[00:08:33] So, I force clients to come up with 20 solutions. And they'll get angry with me, what do you mean 20 solutions? We only need to find, you know, one or two solutions. Well, yeah, I think that's typical. That's, you know, that's sort of average, but I want you to, especially with COVID. And we're in this climate change and so, many different events in this VUCA world, volatile, uncertain, complex, and ambiguous that things are changing so, fast.
[00:08:54] So, I want my clients to have A, B, C, D E plan, let's say. And unless if you have multiple options, you can't contrast or compare or evaluate or subtract this from that and add to this one. And so, pushing people beyond where they feel comfortable. You know this is the world of being uncomfortable.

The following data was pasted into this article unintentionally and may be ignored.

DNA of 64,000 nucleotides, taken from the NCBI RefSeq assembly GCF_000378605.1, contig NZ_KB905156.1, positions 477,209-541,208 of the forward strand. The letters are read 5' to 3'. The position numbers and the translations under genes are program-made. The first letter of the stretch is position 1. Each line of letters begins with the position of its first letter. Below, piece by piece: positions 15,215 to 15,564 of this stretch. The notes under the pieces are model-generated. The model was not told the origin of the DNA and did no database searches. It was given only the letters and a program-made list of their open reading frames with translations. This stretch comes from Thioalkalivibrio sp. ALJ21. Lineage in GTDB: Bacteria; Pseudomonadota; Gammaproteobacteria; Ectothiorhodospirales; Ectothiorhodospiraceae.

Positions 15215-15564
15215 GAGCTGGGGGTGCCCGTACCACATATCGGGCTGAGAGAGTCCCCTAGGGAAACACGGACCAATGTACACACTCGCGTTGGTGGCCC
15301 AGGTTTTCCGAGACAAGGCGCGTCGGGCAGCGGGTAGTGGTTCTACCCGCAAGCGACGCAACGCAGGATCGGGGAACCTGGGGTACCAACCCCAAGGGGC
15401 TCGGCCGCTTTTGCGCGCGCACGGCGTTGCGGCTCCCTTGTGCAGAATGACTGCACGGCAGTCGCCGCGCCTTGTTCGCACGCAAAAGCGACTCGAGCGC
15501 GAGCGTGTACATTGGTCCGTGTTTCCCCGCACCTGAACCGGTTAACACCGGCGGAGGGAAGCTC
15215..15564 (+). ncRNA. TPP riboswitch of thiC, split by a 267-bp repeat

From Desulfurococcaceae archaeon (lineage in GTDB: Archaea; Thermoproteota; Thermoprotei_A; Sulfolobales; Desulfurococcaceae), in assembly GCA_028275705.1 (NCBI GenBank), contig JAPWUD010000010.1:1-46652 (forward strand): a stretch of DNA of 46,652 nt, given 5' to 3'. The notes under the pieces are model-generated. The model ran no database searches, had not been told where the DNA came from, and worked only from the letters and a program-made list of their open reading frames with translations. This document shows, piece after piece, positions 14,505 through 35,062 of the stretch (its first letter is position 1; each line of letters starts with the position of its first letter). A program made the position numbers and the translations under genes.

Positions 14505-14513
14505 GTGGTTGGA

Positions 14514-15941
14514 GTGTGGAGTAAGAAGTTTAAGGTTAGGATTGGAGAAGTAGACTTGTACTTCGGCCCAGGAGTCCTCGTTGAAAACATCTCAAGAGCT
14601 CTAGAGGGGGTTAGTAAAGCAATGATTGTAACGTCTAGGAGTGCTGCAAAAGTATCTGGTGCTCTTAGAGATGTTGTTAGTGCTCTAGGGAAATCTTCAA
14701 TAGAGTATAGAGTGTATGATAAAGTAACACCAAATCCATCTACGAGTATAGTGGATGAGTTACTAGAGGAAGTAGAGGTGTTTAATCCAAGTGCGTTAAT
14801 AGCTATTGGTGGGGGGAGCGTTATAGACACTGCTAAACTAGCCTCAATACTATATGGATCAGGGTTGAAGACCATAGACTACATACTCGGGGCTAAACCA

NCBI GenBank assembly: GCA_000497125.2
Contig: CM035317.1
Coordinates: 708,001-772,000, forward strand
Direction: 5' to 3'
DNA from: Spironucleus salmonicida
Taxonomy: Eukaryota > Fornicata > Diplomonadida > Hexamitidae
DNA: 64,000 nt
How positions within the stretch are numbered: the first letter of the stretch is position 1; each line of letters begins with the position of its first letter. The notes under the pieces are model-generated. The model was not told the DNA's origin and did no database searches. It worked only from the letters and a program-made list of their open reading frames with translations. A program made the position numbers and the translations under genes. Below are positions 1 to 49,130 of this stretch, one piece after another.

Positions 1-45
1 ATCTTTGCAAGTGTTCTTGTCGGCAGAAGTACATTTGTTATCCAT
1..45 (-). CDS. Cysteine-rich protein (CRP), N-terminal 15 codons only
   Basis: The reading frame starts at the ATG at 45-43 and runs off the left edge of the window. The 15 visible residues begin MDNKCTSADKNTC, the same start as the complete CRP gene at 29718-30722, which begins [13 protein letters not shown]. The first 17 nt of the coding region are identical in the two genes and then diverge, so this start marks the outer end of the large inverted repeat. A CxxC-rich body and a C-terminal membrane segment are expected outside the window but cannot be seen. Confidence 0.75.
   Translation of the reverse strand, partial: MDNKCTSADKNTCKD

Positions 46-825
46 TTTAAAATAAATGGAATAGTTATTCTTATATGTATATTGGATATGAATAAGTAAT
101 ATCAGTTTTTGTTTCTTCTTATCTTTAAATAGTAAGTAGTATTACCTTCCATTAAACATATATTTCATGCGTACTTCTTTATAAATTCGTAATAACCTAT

[00:09:11] People are not uncomfortable. They're not learning something new. And if you don't learn something new today that you didn't know yesterday, you're falling behind the curve. So, uncomfortable is the new norm.
[00:09:19] Jeffrey Feldberg: Lyn so, much to unpack there with what you're sharing and so, much treasure troves that are there. And I agree with you. One of my sayings that I have for myself is I say, Hey Jeffrey, when it comes to choices, one is never a choice, two is a dilemma. It's only when you have three or more options, that's when you really start having choices.